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18 April, 2008

Supermarkets will always win

Minimum pricing is indeed on the off-trade agenda, as your front page story of April 4 suggests. But even if a mechanism is found to ban below-cost selling, what exactly is such a measure going to achieve?

Supermarkets can use all sorts of clever accounting to justify their discounts, and will still be able to get away with rock-bottom prices that the specialists would find out of their reach. How exactly would anyone be able to prove what they pay for their stock once all the promotional payments and wheeler-dealing have been taken into account?

But the ban on discounts would presumably also cover the short-dated or hard-to-sell stock that independents traditionally sell off at giveaway prices. What are we supposed to do with these drinks - pour them down the drain? How

does that help either the profitability of the sector or the environment?

Finally, a small rant about the Chancellor's supposed justification for the outrageous 14p tax increase on wine. He argues that wine is the cheapest it's been for a decade and the duty increase restores the balance. Well, the supermarkets may be charging £3.99 but the independent sector is selling wine, responsibly, for considerably more than that.

And guess who will be hit hardest by the duty increase? Not the supermarkets, that's for sure.

Peter Jason

Solihull

Customers out in the cold ...

Due to Threshers' new open-door policy, whereby the shop door must remain open at all times during trading hours, several customers have raised issues concerning the effect this will have on the environment due to heaters blasting away at full pelt to prevent staff from freezing on the spot . It also makes a mockery of the degradable carrier bags .

A large number of regular customers have told staff they wish to shop in a warm and comfortable environment and have insisted on closing the door, despite being asked to leave it open.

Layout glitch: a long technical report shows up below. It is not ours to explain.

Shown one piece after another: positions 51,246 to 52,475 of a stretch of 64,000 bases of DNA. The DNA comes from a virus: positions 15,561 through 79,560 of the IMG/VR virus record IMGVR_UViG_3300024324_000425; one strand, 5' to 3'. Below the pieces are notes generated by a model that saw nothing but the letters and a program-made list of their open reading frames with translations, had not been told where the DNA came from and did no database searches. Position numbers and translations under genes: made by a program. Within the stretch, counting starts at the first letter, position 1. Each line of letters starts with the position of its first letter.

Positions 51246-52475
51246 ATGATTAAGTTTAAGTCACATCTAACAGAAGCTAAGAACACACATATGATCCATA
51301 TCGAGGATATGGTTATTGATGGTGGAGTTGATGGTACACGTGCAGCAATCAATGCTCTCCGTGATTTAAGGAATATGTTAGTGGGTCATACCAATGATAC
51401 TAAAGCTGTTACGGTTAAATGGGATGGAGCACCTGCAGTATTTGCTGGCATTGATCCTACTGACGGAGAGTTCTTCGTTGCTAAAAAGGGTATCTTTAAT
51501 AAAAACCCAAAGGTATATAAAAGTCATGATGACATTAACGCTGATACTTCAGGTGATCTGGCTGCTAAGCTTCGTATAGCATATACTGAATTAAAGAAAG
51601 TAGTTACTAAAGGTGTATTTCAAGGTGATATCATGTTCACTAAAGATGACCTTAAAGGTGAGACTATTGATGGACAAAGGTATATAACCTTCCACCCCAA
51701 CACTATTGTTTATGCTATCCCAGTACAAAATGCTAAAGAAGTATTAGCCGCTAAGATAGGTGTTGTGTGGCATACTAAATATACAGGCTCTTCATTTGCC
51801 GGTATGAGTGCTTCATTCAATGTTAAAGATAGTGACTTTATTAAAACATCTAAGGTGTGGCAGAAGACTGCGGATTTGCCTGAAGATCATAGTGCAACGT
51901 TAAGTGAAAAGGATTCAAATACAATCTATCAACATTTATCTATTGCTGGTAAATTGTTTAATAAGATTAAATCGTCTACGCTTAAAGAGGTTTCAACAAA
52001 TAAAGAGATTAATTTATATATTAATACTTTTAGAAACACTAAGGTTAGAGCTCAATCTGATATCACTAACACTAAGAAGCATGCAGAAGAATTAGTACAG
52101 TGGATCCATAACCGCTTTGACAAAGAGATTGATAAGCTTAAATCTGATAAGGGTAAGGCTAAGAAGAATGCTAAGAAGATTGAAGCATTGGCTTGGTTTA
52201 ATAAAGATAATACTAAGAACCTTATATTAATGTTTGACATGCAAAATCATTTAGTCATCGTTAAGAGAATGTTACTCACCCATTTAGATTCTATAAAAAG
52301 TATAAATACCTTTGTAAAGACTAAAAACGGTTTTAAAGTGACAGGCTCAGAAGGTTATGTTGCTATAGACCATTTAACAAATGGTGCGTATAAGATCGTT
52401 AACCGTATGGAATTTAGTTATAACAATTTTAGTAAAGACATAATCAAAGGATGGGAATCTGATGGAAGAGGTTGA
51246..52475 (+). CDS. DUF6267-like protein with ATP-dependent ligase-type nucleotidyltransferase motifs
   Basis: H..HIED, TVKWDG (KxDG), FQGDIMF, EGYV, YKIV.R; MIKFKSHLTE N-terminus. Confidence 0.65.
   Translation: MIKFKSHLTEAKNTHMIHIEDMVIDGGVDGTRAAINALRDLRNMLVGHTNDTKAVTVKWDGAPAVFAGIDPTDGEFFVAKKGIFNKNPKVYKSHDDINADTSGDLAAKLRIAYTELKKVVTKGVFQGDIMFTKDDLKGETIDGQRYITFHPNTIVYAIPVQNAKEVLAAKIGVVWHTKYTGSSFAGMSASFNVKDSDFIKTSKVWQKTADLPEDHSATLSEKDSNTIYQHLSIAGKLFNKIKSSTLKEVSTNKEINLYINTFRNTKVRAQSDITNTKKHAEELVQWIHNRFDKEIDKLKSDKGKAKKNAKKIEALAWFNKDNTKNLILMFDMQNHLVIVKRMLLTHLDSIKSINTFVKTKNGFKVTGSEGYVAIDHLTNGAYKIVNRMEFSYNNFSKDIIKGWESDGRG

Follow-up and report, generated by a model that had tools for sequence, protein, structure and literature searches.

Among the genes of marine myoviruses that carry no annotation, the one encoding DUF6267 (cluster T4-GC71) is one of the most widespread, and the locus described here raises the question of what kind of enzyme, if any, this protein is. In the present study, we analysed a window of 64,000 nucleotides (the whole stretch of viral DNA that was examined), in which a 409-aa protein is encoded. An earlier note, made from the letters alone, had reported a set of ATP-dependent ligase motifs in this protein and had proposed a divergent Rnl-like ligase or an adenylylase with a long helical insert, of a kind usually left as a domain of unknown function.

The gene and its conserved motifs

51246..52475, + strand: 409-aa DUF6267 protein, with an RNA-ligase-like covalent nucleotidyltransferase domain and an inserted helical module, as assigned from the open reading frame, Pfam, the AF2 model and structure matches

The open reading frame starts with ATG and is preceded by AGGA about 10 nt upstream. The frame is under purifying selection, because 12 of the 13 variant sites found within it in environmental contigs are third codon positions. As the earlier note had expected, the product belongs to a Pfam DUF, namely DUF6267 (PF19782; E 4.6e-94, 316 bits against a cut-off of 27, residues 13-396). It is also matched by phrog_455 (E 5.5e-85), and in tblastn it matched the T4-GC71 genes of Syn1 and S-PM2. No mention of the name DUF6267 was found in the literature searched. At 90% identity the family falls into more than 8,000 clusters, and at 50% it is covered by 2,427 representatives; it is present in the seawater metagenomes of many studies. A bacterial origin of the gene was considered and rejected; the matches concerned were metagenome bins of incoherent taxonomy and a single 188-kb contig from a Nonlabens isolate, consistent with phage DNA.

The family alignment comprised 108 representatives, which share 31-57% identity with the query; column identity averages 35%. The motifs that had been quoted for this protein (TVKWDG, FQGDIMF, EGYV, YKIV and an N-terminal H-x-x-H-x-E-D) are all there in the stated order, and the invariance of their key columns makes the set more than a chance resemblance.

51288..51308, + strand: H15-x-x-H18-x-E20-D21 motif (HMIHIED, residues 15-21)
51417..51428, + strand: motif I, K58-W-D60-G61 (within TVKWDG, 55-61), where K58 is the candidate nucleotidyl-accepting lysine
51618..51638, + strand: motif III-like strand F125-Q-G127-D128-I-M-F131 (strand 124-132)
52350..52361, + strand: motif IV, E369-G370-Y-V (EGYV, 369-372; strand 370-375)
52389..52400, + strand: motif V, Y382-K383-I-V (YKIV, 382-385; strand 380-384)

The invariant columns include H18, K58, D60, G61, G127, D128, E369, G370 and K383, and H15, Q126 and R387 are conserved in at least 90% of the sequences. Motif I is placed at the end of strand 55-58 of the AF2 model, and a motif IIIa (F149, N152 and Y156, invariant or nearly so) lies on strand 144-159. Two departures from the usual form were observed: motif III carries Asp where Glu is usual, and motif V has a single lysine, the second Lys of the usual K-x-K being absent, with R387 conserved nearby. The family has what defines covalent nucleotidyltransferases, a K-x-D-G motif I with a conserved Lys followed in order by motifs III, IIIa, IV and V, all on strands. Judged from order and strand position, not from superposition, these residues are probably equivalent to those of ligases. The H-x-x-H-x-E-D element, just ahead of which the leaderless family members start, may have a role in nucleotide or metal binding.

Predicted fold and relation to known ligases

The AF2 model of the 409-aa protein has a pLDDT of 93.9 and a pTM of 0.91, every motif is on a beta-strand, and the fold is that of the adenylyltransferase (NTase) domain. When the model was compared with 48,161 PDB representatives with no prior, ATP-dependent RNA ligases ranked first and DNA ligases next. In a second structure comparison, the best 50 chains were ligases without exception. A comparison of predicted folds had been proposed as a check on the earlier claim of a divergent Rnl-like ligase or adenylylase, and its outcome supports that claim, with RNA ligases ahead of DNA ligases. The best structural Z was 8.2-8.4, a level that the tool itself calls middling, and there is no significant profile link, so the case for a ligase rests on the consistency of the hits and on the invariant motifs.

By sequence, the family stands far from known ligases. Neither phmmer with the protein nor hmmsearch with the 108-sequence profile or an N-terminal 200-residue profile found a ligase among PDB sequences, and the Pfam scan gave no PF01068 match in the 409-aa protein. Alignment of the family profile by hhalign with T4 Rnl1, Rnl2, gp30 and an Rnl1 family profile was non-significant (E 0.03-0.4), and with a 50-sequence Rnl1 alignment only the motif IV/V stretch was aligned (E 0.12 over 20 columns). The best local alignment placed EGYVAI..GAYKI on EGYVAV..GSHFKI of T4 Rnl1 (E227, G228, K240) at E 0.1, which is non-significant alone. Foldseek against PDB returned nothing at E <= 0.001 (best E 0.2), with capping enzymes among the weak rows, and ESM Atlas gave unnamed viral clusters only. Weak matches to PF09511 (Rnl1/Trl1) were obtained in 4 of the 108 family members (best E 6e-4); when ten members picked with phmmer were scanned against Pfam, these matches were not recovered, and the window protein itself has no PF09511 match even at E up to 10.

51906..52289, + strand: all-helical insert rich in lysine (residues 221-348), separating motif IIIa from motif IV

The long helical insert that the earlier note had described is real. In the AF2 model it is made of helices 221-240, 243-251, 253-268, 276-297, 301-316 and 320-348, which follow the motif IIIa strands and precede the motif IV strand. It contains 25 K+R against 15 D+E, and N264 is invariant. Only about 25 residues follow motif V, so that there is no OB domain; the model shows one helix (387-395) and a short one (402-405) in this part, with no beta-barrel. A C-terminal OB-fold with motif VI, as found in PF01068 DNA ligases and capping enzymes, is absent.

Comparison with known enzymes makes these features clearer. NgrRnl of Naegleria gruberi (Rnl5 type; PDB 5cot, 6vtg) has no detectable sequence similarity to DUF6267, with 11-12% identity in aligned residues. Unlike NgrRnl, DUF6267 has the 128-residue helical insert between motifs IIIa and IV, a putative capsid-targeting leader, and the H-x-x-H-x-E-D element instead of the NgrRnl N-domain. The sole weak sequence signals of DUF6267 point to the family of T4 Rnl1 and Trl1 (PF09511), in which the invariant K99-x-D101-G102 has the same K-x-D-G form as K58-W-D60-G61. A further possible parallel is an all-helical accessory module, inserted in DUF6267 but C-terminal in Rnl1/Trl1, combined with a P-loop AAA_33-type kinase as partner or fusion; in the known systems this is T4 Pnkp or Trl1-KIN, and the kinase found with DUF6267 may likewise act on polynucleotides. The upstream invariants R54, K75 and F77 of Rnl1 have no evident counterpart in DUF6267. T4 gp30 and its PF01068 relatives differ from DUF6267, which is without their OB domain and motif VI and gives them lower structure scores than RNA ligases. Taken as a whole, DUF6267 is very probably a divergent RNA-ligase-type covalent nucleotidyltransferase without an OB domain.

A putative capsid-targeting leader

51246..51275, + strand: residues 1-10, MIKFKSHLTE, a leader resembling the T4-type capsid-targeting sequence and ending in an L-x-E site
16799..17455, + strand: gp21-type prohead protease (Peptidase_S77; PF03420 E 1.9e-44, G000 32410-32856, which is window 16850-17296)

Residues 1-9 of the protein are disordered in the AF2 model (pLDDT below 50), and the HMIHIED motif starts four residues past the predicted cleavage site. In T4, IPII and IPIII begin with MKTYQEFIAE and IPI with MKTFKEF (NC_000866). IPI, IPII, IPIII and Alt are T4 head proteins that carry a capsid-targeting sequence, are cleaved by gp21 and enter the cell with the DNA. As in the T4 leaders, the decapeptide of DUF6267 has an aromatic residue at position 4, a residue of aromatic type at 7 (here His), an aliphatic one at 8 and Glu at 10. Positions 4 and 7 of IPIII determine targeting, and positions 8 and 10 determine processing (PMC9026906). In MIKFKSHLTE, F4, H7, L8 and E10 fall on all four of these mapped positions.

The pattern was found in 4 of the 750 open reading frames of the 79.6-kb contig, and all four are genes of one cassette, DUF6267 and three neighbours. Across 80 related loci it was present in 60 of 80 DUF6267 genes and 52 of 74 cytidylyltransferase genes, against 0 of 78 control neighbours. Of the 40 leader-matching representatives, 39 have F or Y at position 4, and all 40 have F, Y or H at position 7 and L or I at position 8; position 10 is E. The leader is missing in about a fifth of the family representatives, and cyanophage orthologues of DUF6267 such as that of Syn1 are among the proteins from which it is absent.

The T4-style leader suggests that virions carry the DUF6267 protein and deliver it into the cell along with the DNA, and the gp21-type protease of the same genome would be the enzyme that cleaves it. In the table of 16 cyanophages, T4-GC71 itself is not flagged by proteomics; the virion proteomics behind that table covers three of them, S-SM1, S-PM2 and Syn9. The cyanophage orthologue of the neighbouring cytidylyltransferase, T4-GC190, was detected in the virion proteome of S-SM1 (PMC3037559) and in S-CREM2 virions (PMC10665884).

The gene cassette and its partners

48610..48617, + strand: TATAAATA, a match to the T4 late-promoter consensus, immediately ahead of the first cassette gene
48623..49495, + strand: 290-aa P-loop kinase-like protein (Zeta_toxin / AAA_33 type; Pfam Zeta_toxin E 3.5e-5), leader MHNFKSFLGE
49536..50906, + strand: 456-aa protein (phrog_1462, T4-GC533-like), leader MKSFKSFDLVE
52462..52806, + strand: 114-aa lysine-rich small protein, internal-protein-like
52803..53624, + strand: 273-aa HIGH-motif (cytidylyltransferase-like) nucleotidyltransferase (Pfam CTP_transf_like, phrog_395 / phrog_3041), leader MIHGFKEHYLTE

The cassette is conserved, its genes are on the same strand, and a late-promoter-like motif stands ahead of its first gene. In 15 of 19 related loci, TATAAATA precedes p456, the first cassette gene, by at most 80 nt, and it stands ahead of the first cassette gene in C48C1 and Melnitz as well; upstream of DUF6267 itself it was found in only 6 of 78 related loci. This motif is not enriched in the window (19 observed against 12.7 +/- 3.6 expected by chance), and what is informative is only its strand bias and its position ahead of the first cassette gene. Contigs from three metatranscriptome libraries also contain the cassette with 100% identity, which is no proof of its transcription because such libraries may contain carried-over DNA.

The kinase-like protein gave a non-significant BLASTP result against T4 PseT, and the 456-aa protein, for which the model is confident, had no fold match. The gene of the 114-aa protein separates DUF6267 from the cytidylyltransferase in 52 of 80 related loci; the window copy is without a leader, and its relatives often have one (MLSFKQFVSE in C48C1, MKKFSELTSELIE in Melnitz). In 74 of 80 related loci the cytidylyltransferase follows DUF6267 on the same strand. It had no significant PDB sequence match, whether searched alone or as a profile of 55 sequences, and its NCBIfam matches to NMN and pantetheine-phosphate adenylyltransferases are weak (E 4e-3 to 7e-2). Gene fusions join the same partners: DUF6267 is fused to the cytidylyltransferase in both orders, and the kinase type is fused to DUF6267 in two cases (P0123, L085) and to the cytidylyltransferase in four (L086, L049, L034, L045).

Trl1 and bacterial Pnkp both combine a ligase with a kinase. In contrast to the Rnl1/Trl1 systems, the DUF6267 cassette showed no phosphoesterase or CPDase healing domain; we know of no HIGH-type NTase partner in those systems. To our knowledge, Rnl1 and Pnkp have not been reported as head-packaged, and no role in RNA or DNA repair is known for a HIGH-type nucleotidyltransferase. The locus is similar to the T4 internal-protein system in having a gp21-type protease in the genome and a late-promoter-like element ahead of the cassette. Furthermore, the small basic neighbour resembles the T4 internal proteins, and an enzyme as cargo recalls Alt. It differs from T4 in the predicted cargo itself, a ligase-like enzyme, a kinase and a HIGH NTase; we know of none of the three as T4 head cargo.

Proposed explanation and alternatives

The low temperatures and draughty conditions have made customers reluctant to browse - indeed most are eager to return to their warm homes.

Can it be that the people who make these rules and enforce them by using mystery shoppers actually believe they will benefit? Or is it yet another example of a big business with little or no regard for its customers, workforce or the environment?

A long-standing Thresher employee

... and staff feeling the pinch

Guess the company! I work in a shop part-time for minimum wage. The work is physically hard as the merchandise is heavy. It is often filthy from the open delivery lorries and, just for fun, you also often get covered in leaking liquid because the new delivery firm doesn't care in what state the delivery gets to the shop.

The new delivery firm is unreliable so we have to deal daily with customers who wish to order from ourselves, but to whom we can give no guarantee of receipt of the items.

As the company drastically limits the hours of work it will pay for, you are frequently in sole charge of the shop and the possibility of dealing single-handedly with any trouble. One has to complete written courses and training on internal procedures and we are also expected to constantly clean the shop.

In return for performing the above, the company has rewarded us with extra holiday pay in response to government legislation, but to pay for this has cancelled the enhanced pay staff used to receive for bank holiday work - staff could thus end up with less .

They expect staff to work for minimum wage on bank holidays (not going to happen) and have thus cynically sidestepped government action (apparently not illegal, but it should be).

The most recent initiative is that we must work all day with the shop door open (so freezing cold at the moment and boiling hot in the summer,) and with extra dirt flying in off the main road to clean up, with no music allowed . We are not even permitted to fill up the shelves to relieve the boredom. By contrast, the poor evening staff will have to work like idiots to fill up the shelves that the day staff have not been allowed to touch.

I could go on but you guessed it ages ago didn't you? Of course, it's Threshers.

Is it just me, or does this company just not have a clue?

Name and address supplied

Time for action then, Mr C

I fully agree, Chris [Carson], with the comments in your letter and the call to action (OLN, April 4), as it's definitely time to dismantle the ludicrous BMA attacks and the anti-alcohol lobbyists.

Quite how we do this is a good reason for a very open forum, so the WSTA's work is perhaps better understood across the trade and we can work towards some kind of unified approach.

Given the details of David Cox's note, however, I do believe this further endorses the need for a change in direction in how we lobby the government and the need for a far more visual consumer campaign.

No one was questioning the hours being put in - merely the effectiveness of the campaign to date given the size of the duty increase.

Steve Barton

Director

Brand Phoenix




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